1. They quickly rush their infant children off to daycare centers before they can even walk and talk because they want more time for themselves. They place more value on the unfamiliar nursery care-giver than on themselves.

  2. Some would send their children to their grandmothers living on the family islands because they are too busy to take care of them. Then they wonder why their own children are more attached to grammy.

  3. They expect the school teachers to teach their children about the fundamental principles of reading and writing. These parents do not take the time to read to their children. They forget that parents are really the primary educators of their children.

  4. They allow the television to be the babysitter in the home, feeding their children with endless hours of violence, sex, and foul language. Then they punish their children for acting rudely.

  5. They leave their children alone in the house or with neighbors while they go out at nights to have fun, then they are surprised with their own children sneak out of the house to have sex with a friend.

  6. At a very early age they send their children on very long summer vacations with other family members or friends. Many parents are not aware that it is during these times that their children pick up bad habits that will stay with them for the rest of their lives.

  7. They neglect to punish they children for poor behavior and get terribly angry when the school principal decides that enough is enough.

These are only a few of the ways parents neglect their responsibilities. The village can only help raise the child by supporting the principles and lifestyle of the parents through encouragement and setting a good example of disciplined living.

Many parents who neglected their responsibilities during their childrenís early years end up crying when their disobedient sons and daughters (whom they refuse to admit were disobedient) are thrown in jail. They are not crying because they realize they have made mistakes as parents. They are crying because the cannot see how their "nice" children became criminals. Parents, it is time to stop crying and get into action. Crying wonít help now. It is now the time to take on your responsibility and help change our nation. Itís all in your hands, not the villageís hand.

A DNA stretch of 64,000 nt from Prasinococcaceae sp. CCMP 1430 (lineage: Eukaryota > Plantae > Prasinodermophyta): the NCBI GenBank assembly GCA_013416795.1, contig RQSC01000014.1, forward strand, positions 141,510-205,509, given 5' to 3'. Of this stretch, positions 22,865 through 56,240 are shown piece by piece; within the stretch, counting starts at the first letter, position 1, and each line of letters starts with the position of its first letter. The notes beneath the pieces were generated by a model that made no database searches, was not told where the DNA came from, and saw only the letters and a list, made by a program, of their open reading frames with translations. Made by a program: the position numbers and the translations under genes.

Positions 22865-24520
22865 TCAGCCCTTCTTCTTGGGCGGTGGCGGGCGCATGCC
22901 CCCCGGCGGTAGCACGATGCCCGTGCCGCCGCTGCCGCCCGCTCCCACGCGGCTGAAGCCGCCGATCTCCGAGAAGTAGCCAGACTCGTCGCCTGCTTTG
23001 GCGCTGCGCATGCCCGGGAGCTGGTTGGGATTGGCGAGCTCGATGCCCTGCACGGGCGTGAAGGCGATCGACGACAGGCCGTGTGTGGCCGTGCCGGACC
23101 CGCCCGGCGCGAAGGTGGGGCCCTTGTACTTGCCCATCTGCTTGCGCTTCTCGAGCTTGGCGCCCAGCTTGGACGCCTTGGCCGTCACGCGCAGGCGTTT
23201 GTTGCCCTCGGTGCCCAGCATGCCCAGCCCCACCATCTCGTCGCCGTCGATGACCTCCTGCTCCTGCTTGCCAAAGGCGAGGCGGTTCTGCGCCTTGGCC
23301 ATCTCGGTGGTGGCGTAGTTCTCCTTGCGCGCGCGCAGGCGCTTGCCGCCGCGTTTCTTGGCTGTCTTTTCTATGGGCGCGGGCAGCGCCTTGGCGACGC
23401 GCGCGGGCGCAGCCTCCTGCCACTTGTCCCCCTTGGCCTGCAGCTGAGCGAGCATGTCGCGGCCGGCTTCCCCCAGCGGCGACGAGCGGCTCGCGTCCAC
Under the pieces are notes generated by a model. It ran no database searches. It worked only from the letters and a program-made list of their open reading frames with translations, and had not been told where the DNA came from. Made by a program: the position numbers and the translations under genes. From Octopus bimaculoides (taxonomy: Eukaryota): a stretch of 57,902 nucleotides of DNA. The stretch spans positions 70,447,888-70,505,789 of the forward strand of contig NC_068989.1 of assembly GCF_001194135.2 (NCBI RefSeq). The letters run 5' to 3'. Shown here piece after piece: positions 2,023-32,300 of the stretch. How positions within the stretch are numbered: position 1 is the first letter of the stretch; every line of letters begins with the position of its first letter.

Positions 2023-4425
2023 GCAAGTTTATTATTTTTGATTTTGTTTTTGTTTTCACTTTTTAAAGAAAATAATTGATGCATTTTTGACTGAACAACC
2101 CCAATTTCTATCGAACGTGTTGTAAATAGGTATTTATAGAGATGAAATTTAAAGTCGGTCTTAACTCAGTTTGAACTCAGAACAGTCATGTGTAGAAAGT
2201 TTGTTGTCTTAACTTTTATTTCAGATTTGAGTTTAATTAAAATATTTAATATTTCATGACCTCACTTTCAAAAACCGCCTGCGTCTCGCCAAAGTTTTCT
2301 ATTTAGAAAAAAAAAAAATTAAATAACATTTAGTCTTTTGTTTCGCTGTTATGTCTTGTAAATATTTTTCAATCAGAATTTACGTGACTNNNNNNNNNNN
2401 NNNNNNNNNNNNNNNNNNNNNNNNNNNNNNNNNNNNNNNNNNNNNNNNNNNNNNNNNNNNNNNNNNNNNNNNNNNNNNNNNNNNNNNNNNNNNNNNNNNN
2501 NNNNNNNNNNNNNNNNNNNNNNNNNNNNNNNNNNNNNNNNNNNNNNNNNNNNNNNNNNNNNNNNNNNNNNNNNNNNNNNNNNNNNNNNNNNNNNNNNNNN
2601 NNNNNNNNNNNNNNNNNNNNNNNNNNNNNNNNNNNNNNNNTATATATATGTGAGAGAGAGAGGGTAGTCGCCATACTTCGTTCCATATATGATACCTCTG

Yes, it is the parents responsibility.  The village can provide support and even direction, especially when a child is coming from a dysfunctional family or was abandon.  However, primarily it is the parent's duty to raise a child.  The challenge we have is when the "village" provides greater influence than the parents on the forming of values in the child, especially when those values are counter productive.  Perhaps parents should select what "village" they want their children to be influenced by.    This is important to prevent childhood cognitive dissonance, emotional conundrum, and psychological dysfunction.  Parents, make sure you are truly the first "village" your child will live in.  For whatever reason, if there are no biological parents to raise the children, then a good village can be impactful.   Also, when a good village and good parents join forces, usually the influence is productive.


Barrington Brennen is a marriage and family therapist.  Send questions or comments to question@soencouragement.org or call 242-327-1980 for professional help.  Or WhatsApp 242-477-4002